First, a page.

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Report on Irazu (Costa Rica) — December 1982

Scientific Event Alert Network Bulletin, vol. 7, no. 12 (December 1982)
Managing Editor: Lindsay McClelland.

Irazu (Costa Rica) Fumarolic activity on the NW flank

Please cite this report as:

Global Volcanism Program, 1982. Report on Irazu (Costa Rica). In: McClelland, L (ed.), Scientific Event Alert Network Bulletin, 7:12. Smithsonian Institution. https://doi.org/10.5479/si.GVP.SEAN198212-345060.

Volcano Profile |  Complete Bulletin


Irazu

Costa Rica

9.979°N, 83.852°W; summit elev. 3432 m

All times are local (unless otherwise noted)


Fumarolic activity was limited to the NW flank of the volcano. Temperatures oscillated between 78°C and 85°C. No activity was observed in either the principal crater or Diego de la Haya, just to the SE.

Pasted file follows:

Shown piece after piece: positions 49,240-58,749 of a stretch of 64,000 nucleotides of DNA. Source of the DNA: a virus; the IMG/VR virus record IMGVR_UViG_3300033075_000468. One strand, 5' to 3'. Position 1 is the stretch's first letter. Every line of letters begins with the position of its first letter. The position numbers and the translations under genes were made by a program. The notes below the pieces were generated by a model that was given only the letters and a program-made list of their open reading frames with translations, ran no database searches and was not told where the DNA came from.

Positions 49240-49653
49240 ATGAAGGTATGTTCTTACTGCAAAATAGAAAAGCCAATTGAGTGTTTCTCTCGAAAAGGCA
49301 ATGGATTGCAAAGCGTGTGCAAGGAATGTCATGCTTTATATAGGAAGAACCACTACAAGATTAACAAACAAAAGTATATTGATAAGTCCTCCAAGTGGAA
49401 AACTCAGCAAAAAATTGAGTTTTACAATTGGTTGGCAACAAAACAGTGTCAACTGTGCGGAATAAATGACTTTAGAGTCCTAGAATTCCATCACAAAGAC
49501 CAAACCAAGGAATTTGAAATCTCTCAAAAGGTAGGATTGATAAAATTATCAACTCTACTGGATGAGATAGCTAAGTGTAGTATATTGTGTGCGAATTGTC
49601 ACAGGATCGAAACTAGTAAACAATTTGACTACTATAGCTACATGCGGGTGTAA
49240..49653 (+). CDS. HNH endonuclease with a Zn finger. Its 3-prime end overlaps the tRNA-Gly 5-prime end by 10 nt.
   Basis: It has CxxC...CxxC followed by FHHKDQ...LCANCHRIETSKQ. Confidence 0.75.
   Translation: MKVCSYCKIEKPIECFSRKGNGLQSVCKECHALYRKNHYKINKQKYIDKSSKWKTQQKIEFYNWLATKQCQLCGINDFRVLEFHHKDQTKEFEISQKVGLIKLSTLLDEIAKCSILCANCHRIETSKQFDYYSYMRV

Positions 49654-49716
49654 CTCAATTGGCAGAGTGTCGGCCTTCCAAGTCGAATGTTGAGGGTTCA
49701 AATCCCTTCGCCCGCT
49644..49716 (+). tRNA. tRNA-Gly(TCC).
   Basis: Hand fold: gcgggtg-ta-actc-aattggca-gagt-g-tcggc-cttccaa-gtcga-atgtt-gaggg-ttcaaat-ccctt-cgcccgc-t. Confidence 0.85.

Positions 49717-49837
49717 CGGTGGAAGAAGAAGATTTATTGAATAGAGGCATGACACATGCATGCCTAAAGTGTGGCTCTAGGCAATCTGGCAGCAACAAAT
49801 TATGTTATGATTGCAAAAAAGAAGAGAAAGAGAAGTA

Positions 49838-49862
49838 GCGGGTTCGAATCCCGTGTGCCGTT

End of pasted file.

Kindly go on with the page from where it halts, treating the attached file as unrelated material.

Activity on a local fault caused an earthquake swarm 4 June. The swarm generated landslides in the wall that divides the principal crater from Diego de la Haya. Another stronger swarm occurred 23-24 September affecting the area between Irazú and Turrialba volcano.

Geologic Background. Irazú, one of Costa Rica's most active volcanoes, rises immediately E of the capital city of San José. The massive volcano covers an area of 500 km2 and is vegetated to within a few hundred meters of its broad flat-topped summit crater complex. At least 10 satellitic cones are located on its S flank. No lava flows have been identified since the eruption of the massive Cervantes lava flows from S-flank vents about 14,000 years ago, and all known Holocene eruptions have been explosive. The focus of eruptions at the summit crater complex has migrated to the W towards the historically active crater, which contains a small lake of variable size and color. Although eruptions may have occurred around the time of the Spanish conquest, the first well-documented historical eruption occurred in 1723, and frequent explosive eruptions have occurred since. Ashfall from the last major eruption during 1963-65 caused significant disruption to San José and surrounding areas.

Information Contacts: R. Stoiber, S. Williams, R. Naslund, C. Connor, J. Prosser, and J. Gemmell, Dartmouth College; E. Fernández S. and J. Barquero H., Univ. Nacional, Heredia.